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12 July 1999

Why holidays are bad for you

Our kitsch vacations are an indictment of our workaholic lifestyle, argues Emma Hartley

By Emma Hartley

Holidays are an intrinsically kitsch idea: kitsch in the sense of tawdry, vulgar and pretentious (often even – eek, darling! – populist). And British holidays in particular have more of the china kittens about them than those of many other countries.

The underlying reason for this is that we shouldn’t need them: they should be redundant as a concept. That is to say, amid the confection of fancy ideas and chimerical thinking about portfolio careers and working from home, we shouldn’t need escapism from our normal lives. Ideally people should conduct their existence in a way that makes holidays unnecessary: we should work at a more relaxed pace and for shorter hours. Instead Britain puts in the longest working hours in Europe. Inevitably, we also have the kitschiest holidays. (Americans, for reasons connected with long-term economic success, too much democracy and college students dressed up as eight-foot cartoon characters, are the exception that proves that particular rule.)

Overwork leads to exhaustion, a loss of will-power and finally to total passivity. That is why you are putty in the hands of even the most crass bugle calls: “Come on holiday to Cornwall” (or Blackpool, Torremolinos or Majorca).

So you mindlessly belt between one short break and another in a manner which is unhealthily short-termist and, quite frankly, not very relaxing. The promise of vacation as catharsis drives your blood pressure up a little bit higher all the time. It puts the holidaymaker (whether you be beachcomber or mountain climber) under ridiculous pressure to enjoy yourself immediately and vastly: you know that it will all be over too soon.

Simplify the case to the point of Utopian Marxism and, OK, it is not holidays but work that is the problem. But how, at this advanced stage of the day (and capitalism), can we meaningfully separate two sides of the same coin?

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Yet holidays, unlike work, elude scrutiny to a large extent because instinctively – for survival – we have created a camouflaged, holiday-shaped space in the mainframe of our lives into which hopeless fantasies about the kind of people we really are can be poured.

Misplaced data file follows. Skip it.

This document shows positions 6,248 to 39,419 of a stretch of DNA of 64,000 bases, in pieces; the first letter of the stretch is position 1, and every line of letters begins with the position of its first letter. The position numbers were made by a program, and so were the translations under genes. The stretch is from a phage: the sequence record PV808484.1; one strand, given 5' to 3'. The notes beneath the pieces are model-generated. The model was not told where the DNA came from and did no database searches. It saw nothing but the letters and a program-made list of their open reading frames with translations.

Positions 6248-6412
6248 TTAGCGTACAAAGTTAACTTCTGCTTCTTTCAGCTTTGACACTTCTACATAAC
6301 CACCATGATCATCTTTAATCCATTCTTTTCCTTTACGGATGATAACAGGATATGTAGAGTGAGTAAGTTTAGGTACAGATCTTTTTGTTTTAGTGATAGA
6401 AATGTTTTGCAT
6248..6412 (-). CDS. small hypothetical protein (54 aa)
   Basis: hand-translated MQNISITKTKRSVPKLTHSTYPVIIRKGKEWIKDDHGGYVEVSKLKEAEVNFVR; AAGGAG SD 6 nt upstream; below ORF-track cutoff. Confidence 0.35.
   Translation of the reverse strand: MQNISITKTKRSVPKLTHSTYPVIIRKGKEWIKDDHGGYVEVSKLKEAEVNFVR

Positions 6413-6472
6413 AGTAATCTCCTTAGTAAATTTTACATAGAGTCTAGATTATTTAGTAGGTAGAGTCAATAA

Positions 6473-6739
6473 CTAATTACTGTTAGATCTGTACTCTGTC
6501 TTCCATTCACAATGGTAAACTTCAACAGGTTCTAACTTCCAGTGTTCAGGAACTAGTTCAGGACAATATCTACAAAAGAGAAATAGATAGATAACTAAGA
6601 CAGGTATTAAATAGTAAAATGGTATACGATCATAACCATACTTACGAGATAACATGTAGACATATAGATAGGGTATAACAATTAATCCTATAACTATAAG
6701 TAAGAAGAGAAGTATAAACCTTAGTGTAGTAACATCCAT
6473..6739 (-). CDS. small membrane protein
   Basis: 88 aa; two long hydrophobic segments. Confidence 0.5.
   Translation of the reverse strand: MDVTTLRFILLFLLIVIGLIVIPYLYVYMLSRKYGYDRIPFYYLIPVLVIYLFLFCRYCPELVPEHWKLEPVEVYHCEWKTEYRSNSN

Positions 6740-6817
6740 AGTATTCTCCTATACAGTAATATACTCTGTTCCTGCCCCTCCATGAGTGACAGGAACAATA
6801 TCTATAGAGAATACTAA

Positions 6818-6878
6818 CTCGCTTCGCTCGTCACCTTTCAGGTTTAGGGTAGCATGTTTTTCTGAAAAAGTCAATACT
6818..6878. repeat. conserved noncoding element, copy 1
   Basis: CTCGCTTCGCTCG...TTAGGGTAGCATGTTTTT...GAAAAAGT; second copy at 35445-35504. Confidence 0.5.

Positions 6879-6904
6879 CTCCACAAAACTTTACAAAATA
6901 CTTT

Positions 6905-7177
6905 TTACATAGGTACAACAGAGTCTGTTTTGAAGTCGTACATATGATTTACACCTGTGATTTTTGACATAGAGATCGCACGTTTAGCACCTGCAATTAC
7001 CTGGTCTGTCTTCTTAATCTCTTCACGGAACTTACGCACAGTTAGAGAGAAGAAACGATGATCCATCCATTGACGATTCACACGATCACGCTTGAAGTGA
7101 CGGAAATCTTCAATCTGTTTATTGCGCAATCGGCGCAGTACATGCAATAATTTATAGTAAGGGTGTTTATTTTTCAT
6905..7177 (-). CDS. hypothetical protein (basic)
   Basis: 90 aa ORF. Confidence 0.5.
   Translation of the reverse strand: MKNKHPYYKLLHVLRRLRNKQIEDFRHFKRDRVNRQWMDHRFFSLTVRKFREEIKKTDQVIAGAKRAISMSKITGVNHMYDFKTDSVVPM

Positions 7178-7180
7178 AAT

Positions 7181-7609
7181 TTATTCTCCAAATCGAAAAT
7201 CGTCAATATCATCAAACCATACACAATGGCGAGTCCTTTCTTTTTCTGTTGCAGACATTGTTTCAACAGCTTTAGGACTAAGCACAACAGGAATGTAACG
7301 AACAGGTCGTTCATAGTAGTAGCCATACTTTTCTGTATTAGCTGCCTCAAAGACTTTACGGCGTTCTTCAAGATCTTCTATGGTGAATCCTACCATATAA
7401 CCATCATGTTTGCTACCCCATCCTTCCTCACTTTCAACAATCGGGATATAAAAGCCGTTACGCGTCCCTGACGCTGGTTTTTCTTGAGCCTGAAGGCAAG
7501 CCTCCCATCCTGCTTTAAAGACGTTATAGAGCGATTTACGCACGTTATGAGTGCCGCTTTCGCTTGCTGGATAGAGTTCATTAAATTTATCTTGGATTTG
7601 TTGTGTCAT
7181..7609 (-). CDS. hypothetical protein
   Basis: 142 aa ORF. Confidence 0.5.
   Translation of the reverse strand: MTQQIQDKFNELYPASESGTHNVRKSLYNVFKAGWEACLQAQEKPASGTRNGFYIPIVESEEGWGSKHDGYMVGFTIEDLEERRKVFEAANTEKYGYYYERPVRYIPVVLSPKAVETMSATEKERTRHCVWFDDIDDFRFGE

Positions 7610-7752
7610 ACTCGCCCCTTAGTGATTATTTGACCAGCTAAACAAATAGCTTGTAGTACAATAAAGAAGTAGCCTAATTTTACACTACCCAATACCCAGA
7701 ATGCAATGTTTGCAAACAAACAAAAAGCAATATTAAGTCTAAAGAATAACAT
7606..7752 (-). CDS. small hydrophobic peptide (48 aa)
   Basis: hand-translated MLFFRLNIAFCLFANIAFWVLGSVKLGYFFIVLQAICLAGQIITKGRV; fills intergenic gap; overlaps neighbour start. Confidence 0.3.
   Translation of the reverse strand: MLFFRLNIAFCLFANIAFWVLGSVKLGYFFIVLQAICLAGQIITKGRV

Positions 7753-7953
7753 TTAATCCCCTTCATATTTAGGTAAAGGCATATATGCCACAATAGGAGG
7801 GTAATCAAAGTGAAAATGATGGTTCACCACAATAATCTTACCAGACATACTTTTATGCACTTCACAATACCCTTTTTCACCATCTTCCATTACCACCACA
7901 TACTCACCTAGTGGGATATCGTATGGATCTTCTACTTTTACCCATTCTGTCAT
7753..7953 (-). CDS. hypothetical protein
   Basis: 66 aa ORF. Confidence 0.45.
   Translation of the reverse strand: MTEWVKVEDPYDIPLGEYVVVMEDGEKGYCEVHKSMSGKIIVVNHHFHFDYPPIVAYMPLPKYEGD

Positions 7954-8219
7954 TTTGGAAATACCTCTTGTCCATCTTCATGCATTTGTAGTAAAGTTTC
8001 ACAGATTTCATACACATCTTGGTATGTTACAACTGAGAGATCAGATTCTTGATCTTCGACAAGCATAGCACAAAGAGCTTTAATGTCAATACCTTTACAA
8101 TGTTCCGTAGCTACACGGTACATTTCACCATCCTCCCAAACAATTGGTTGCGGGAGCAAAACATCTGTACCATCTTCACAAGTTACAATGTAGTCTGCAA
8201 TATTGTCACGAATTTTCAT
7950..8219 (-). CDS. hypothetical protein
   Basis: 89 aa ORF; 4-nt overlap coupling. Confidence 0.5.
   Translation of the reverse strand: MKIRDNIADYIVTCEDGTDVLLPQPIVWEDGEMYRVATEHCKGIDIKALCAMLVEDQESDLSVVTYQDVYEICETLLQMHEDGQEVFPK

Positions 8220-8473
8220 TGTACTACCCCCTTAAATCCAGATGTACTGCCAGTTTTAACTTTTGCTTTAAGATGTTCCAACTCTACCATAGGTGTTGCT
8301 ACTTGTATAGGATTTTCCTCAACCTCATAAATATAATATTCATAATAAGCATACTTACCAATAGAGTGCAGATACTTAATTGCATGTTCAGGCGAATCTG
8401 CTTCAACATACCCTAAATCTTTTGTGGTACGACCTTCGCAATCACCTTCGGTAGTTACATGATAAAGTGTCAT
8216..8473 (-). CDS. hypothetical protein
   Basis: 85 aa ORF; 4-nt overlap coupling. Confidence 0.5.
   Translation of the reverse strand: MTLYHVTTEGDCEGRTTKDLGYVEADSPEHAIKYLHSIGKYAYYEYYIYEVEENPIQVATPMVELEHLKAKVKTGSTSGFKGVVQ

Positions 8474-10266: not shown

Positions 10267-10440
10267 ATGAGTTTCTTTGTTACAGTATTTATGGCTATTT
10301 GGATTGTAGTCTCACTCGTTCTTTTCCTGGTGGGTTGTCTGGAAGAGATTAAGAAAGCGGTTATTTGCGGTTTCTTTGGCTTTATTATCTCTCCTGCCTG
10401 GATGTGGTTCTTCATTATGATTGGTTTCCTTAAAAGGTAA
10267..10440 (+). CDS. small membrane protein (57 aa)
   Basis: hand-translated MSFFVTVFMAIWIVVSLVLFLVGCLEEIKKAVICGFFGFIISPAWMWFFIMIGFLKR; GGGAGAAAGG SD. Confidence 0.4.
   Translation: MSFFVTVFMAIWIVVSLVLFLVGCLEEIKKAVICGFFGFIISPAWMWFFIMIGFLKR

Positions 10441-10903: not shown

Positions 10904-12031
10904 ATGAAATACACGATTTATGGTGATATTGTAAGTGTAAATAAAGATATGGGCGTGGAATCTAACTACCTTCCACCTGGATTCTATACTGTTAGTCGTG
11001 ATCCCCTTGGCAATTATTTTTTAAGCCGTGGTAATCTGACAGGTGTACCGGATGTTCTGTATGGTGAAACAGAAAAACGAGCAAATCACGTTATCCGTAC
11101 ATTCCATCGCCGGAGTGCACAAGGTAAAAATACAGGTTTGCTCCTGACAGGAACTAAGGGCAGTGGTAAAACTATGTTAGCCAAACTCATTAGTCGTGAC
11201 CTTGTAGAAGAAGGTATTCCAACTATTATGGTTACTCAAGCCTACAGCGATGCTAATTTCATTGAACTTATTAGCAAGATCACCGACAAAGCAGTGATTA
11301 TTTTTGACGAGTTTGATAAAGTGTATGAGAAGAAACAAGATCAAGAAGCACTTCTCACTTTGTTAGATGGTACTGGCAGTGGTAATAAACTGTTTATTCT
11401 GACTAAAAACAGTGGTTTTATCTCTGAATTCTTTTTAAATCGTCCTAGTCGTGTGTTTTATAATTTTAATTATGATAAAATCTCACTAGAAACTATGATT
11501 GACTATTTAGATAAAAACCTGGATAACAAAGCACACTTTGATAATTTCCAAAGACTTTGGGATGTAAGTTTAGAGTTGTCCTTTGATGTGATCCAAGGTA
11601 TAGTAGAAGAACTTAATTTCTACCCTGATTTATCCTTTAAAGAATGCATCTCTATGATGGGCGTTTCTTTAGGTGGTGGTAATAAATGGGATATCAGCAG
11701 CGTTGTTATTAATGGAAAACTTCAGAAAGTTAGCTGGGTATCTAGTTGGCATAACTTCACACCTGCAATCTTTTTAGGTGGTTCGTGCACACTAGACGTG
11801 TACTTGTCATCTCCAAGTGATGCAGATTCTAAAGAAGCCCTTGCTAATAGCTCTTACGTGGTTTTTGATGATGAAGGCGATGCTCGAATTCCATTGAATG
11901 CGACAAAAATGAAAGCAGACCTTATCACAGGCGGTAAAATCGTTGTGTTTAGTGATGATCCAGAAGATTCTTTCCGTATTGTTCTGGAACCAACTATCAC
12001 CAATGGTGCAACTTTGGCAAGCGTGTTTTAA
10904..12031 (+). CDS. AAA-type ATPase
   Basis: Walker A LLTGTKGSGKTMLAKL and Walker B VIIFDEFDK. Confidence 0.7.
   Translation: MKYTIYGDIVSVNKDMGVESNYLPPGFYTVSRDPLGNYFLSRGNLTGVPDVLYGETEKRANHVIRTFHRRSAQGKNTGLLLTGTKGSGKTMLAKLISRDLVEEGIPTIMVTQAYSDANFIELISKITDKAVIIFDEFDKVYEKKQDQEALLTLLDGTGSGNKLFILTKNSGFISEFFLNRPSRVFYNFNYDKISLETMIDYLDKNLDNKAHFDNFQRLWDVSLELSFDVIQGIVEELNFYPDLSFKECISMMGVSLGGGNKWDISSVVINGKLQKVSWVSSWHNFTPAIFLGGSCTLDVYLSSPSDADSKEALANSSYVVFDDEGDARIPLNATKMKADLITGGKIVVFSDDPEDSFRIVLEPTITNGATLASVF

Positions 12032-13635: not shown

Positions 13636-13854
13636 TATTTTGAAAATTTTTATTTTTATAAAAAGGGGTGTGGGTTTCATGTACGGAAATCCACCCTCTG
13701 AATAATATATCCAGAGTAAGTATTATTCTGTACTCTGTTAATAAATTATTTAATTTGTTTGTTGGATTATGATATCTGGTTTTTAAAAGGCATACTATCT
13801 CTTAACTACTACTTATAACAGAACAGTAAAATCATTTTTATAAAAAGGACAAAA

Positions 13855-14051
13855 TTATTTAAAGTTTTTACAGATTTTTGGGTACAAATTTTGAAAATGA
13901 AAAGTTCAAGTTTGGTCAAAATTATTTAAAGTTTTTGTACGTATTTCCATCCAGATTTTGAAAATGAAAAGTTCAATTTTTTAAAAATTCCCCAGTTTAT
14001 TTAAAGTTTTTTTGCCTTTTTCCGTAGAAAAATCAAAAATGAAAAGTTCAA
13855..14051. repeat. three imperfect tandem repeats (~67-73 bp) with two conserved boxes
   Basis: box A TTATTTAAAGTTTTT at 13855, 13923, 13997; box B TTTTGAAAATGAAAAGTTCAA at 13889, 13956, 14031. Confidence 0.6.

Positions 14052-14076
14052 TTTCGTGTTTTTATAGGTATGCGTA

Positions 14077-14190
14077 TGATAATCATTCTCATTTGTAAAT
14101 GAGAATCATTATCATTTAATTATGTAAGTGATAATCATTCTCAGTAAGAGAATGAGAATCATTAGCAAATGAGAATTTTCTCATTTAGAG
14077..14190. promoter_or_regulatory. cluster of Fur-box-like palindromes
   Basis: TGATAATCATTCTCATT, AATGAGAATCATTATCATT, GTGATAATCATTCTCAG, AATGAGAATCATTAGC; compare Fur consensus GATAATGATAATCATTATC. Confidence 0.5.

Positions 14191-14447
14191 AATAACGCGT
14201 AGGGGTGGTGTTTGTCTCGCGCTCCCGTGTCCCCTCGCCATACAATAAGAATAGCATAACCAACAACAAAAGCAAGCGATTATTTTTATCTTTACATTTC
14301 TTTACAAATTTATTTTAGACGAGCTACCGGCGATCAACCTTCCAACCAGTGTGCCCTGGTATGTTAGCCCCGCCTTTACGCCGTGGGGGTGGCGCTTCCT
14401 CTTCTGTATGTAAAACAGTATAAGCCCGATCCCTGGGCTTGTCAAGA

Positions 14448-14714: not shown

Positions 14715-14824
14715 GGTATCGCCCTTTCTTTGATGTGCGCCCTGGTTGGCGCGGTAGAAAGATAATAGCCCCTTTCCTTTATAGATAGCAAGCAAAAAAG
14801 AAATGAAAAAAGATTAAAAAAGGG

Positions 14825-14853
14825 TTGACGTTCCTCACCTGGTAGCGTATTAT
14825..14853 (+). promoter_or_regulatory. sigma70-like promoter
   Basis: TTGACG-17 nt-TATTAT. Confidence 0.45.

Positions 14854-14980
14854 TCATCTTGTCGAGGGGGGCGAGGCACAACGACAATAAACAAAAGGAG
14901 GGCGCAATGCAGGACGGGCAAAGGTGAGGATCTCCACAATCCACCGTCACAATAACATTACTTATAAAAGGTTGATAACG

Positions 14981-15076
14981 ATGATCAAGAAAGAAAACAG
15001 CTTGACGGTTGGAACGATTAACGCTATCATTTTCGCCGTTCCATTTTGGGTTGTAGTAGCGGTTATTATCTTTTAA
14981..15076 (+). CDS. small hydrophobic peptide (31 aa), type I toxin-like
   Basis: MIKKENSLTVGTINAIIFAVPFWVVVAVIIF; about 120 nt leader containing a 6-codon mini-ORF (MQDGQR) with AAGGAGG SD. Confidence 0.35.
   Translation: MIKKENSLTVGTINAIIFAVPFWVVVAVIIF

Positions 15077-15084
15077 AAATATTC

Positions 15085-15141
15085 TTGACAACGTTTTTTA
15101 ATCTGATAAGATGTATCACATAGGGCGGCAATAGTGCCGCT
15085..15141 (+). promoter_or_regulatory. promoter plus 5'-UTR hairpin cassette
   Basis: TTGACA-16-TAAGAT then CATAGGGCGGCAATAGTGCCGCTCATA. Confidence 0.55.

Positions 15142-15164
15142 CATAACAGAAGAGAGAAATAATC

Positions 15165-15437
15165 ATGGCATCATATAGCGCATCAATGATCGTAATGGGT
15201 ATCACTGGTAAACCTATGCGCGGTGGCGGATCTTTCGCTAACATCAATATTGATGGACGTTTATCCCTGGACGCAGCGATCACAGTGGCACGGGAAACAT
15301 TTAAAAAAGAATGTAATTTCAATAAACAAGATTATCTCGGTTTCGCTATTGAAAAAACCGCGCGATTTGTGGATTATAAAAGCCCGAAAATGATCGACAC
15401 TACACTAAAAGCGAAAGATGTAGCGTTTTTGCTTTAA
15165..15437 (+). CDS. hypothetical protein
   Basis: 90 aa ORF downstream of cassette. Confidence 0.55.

Breaks – long or short – offer an opportunity to muse upon what the world would be like if it were our train set.

If you take a long enough or good enough break, it will probably occur to you at some point that the whole thing (work, holidays, bank charges) is organised for the benefit of someone else. But before you know it, mild indignation at this state of affairs flops gently into “might as well make the best of it”, and this in turn rapidly segues into a kind of misty-eyed affection for something you can’t quite put your finger on – especially after a couple of sangrias and at a great distance from home.

And – oh, Mr Soros – on such clinking rocks of pragmatism has many a revolution foundered.

Once you are on holiday, reality is suspended. Entire countries cease to be places where people live and work and become, to our blurry-visioned, droopy-lidded eyes, a delightful cross between Toytown and Babylon created solely for the purpose of getting in touch with our inner, if slightly dazed, Livingstone (“Mr Holidaymaker, I presume?”).

Like framed holiday snaps over time, every detail of our destination becomes attenuated, as we watch, into an alternative kitsch reality where – for instance – refined sugar stops being bad for you and starts, inexplicably, to be traditional instead (once rolled into pink sticks with illegible words running through). Pubs and tacky tavernas of the sort you’d cross a game of darts to avoid at home become terribly attractive once placed in a sunny location and furnished with genuine local waiters.

It becomes acceptable to find yourself in Tintagel and discover that lunch is an Excaliburger or a baked potato named for the enchanting Guinevere. And all of a sudden it is unsurprising to spend hours sitting in a traffic jam on the A30, watching the Cornwall Young Farmers push a ten-foot plastic pasty on wheels past your car, while the kids dribble, bored, on the glass they are pressed against. Our weary minds become pathetically unable to distinguish between escapism, bad taste and humour.

We have to face it. While the Italians are whooping it up with their concubines and sophisticated personal outlooks in outer Guadaloupe, while the French are nude skiing in the Toblerone Alps and while the Germans have found the secret of stolid contentment by re-enacting, in the Congo, the camping scenes from Gotterdamerung, the British, who once turned half the map of the world pink by sheer dint of their pith helmets, are reduced to trooping off, like lemmings, to the costa and lying on a beach as if merely waiting for the tide to come in.

We are knackered. We gasp and burst our way through the year in a series of sprints and equally stressful breaks, until something awful happens – probably health-related – and the whole ghastly exercise concertinas up on itself. And unless we reorganise the way the majority of us spend our working lives, we shall, at best, continue to be exploited by canny locals.

The landscape artist Julian Perry painted a picture recently called Land’s End with Plastic Tin Mine after a visit to the bizarrely named Land’s End Experience, its miniature Cornish village and the peninsula formerly known as Land’s End.

“It was,” he remarked on his bemused return, “as if someone had stolen your thoughts and was trying to sell them back to you.”

He was right – and if that’s not kitsch, I’m a smiling cow from Dairyworld with luminous udders.

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